Indian Journalists Visit Central Florida

Journalists from several Indian news organizations participated in an International Visitor Leadership Program (IVLP) visit to the Orlando area in April. The local schedule of activities was organized and facilitated by the World Affairs Council of Central Florida.

Hailing from the Indian states of Telangana and Andhra Pradesh, the journalists spent two weeks in various cities across the U.S. They gleaned insights into the broad issue of U.S. foreign policy, as well as specific topics such as international trade, counter-terrorism, climate change and the environment, and gender-based violence. The visitors included Sunitha Natti, special correspondent in business, The New Indian Express; Prithvi Raju Ponnuru, assistant editor, Sakshi; Bala GangadharTilak Tummala, chief sub editor, Eenadu; and Venkata Gunneswara Rao Undralla, news editor, TV5 Telugu News Channel.

During the Central Florida portion of the journalists’ stay, they met with various organizations, among them UCF offices such as The India Center, the Global Perspectives Office, the Terrorism Studies Program and the Human Trafficking Awareness Program. John C. Bersia, special assistant to the president for Global Perspectives and co-chair of The India Center, hosted a working lunch for the group, and addressed U.S. relations with Asia. Ted Reynolds, senior research fellow in Terrorism Studies, answered questions about political violence and its connections to human trafficking.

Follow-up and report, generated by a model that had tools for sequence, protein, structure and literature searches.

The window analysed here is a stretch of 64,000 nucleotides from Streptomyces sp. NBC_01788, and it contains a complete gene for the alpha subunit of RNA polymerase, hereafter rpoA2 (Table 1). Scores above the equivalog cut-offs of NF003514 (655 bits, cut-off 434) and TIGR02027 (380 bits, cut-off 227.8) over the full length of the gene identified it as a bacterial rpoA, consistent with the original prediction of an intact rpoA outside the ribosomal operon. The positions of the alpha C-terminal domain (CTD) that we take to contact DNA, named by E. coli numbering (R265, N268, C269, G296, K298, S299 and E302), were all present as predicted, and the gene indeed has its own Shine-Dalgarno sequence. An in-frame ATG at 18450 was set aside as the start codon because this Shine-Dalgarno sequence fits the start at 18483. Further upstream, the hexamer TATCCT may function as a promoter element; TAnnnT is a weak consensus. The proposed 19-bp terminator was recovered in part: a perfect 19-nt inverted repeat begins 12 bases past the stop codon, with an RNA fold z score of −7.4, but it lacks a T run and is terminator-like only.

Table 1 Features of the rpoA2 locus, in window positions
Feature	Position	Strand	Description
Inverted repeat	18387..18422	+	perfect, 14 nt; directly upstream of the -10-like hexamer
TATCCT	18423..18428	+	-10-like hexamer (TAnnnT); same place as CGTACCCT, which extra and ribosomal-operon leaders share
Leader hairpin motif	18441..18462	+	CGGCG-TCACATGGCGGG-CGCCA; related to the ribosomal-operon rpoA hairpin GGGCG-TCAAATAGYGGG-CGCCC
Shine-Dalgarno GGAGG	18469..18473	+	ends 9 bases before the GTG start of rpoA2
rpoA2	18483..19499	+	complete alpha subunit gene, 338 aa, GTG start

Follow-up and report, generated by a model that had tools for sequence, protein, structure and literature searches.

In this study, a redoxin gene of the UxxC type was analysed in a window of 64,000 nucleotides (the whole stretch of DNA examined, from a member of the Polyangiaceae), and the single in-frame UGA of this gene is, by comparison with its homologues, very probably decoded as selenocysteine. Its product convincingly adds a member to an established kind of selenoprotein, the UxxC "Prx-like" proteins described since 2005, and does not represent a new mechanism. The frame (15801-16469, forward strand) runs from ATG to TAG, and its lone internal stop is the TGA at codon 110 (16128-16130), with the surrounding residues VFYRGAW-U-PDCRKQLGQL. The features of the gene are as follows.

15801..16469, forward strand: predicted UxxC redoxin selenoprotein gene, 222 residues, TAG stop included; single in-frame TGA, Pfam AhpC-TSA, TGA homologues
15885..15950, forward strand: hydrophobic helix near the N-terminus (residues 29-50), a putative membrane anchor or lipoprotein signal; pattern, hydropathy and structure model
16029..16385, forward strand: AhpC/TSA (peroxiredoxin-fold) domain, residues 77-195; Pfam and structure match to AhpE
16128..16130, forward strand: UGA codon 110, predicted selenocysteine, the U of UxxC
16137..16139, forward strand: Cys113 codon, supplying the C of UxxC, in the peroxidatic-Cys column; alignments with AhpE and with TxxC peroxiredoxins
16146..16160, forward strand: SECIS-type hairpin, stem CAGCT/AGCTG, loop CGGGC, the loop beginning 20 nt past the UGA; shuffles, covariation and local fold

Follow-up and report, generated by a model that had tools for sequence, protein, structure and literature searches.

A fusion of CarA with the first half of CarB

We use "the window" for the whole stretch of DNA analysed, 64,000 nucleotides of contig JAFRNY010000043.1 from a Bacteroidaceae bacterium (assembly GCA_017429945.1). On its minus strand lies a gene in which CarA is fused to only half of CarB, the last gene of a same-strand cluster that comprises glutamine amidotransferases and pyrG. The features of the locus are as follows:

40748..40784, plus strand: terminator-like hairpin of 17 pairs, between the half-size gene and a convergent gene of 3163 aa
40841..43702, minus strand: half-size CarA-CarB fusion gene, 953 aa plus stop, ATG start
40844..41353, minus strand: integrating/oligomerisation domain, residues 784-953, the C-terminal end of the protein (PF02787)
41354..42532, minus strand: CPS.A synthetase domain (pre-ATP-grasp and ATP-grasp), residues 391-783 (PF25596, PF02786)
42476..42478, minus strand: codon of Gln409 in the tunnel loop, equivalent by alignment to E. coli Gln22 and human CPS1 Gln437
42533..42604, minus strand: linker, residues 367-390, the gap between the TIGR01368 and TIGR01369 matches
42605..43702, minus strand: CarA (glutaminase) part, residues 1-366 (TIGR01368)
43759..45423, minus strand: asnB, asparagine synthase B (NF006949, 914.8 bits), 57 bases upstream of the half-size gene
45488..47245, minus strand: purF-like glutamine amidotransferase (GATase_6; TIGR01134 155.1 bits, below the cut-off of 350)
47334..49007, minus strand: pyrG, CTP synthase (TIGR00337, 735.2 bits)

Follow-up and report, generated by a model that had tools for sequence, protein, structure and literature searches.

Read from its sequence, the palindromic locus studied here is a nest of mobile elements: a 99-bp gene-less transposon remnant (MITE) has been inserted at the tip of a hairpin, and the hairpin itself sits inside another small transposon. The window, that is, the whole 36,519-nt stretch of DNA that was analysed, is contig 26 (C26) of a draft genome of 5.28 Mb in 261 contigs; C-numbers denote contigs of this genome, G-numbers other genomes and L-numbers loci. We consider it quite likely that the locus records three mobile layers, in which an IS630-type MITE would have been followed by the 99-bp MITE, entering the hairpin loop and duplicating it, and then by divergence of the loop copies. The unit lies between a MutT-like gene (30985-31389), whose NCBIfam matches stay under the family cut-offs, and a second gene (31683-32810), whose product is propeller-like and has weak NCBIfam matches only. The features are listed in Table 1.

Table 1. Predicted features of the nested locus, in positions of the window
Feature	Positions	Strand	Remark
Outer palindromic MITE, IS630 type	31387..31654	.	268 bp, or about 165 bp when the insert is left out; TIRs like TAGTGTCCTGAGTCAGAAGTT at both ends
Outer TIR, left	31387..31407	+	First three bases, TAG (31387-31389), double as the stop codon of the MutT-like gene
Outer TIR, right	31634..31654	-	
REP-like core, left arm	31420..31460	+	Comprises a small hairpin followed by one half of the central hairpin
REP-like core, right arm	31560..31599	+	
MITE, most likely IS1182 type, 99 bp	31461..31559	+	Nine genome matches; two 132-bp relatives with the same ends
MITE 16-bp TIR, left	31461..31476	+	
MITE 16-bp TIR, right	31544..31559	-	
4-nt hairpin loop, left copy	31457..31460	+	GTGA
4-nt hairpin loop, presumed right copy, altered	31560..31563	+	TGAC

This visit comes at a time of increasing interaction between U.S. and Telegu-speaking cultures. According to IVLP, Telugu-language media rank among the fastest-growing media sectors in India. Telangana and Andhra Pradesh have more than a dozen daily newspapers, with a circulation exceeding 5 million. In addition, there are some 20 Telugu television news channels serving over 20 million viewers in the two states. The largest number of Telugu speakers outside of India live in the U.S. Travelers from Telangana and Andhra Pradesh increasingly are coming to America for vacations, education and business. As a result, IVLP notes, Telugu media are paying more attention to international issues, particularly U.S.-India relations and other aspects of U.S. foreign policy.

At the conclusion of the meeting, Bersia said, “It was a wonderful opportunity to share ideas, and compare and contrast approaches to news gathering and analysis. As a former journalist, I found the discussion especially eye-opening. Ideally, the conversations that started here will continue, along with exchanges stimulated by the interaction between Natti, Ponnuru, Tummala and Undralla and the people they met here.”

Comments are closed.